Rip Van Winkle

Themes and Colors
Tyranny vs. Freedom Theme Icon
Active vs. Passive Resistance Theme Icon
Truth, History and Storytelling Theme Icon
Labor vs. Productivity Theme Icon
Change vs. Stasis Theme Icon
LitCharts assigns a color and icon to each theme in Rip Van Winkle, which you can use to track the themes throughout the work.

“Rip Van Winkle” examines various kinds of tyrannical power: the tyranny of marriage, the tyranny of day-to-day responsibilities, and the more literal tyranny of King George III of Britain over his American subjects. The story poses various questions about how we can maintain our freedom in face of these tyrannies. By extension, the story also prompts us to wonder what “freedom” from tyranny means, what a “tyrant” really is, and how America and its citizens…

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Though Rip Van Winkle values his own freedom greatly, he cannot be said to actively fight for it. Rip is the perfect example of a passive resistor. He responds to his wife (and eventually to the mention of his late wife) by throwing up his hands, shaking his head, and looking up at the sky. This characteristically resigned gesture neither denies nor accepts. What’s more, when Dame Van Winkle was alive, Rip freed himself from…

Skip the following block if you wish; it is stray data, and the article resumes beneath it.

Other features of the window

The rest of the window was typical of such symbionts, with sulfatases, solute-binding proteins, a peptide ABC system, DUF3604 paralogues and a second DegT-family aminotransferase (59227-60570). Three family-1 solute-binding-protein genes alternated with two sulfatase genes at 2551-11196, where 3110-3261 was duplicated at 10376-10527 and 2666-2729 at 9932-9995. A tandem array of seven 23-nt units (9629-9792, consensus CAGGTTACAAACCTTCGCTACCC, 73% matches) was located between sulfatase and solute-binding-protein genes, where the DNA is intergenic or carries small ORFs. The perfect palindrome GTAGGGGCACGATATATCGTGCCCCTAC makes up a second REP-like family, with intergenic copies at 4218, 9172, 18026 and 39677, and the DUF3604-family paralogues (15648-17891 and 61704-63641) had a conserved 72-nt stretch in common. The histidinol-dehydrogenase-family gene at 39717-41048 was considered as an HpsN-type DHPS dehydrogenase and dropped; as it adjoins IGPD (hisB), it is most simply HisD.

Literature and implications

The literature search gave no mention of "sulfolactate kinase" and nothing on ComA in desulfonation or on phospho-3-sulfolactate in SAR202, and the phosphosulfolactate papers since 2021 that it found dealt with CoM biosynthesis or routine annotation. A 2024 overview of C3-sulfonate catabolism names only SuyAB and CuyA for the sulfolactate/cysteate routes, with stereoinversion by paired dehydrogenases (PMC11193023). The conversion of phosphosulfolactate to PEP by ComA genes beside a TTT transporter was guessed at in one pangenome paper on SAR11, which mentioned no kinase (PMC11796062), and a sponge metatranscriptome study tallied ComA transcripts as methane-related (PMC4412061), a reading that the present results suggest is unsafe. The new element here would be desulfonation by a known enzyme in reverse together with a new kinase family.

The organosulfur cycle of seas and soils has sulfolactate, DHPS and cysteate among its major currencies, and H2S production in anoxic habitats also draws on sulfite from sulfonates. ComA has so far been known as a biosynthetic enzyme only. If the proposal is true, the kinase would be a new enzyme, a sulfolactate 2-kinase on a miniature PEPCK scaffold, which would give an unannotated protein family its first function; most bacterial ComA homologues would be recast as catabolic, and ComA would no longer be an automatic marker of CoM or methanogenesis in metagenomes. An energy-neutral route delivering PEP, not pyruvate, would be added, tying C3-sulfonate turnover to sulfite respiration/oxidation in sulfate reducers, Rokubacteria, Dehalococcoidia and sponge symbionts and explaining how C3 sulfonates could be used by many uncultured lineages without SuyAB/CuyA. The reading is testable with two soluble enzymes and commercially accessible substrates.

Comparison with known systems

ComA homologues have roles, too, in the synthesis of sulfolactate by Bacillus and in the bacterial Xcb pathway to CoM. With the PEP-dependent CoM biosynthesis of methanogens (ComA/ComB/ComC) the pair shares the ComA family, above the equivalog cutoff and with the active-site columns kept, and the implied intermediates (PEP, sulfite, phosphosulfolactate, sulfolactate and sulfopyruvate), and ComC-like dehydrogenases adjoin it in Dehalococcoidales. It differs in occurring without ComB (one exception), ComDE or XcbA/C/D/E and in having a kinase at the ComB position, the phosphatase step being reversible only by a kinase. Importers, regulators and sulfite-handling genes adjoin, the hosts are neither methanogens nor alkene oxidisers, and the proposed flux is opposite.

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“Rip Van Winkle” is a framed story, in which a fictional storyteller (historian Diedrich Knickerbocker) is said to have collected it and in so doing establishes the story’s status as a credible historical account. But we have reason to doubt its status as such. Knickerbocker does not research using historical texts. He instead collects his stories straight from the mouths of Dutch families. His historical “research” consists of oral storytelling. What’s more, the story includes…

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“Rip Van Winkle” distinguishes between labor on its own and productive labor, or that which is profitable. Rip is the most obvious example of someone who labors without profit. He is happy to help in gardens and farms that are not his own—while his own land becomes severely run-down. He will hunt squirrels or fish all day, even if he knows he will have very little to show for it. Though he is busy, he…

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There is a dynamic tension in “Rip Van Winkle” between change and stasis (and by extension past and future). When Rip wakes up on the mountain he returns to discover that everything has changed. The town is bigger and more populous, his children are grown, his wife is gone, and he now has a grandson. Plus, the Unites States of America is now an independent free nation and Rip is no longer a subject of…

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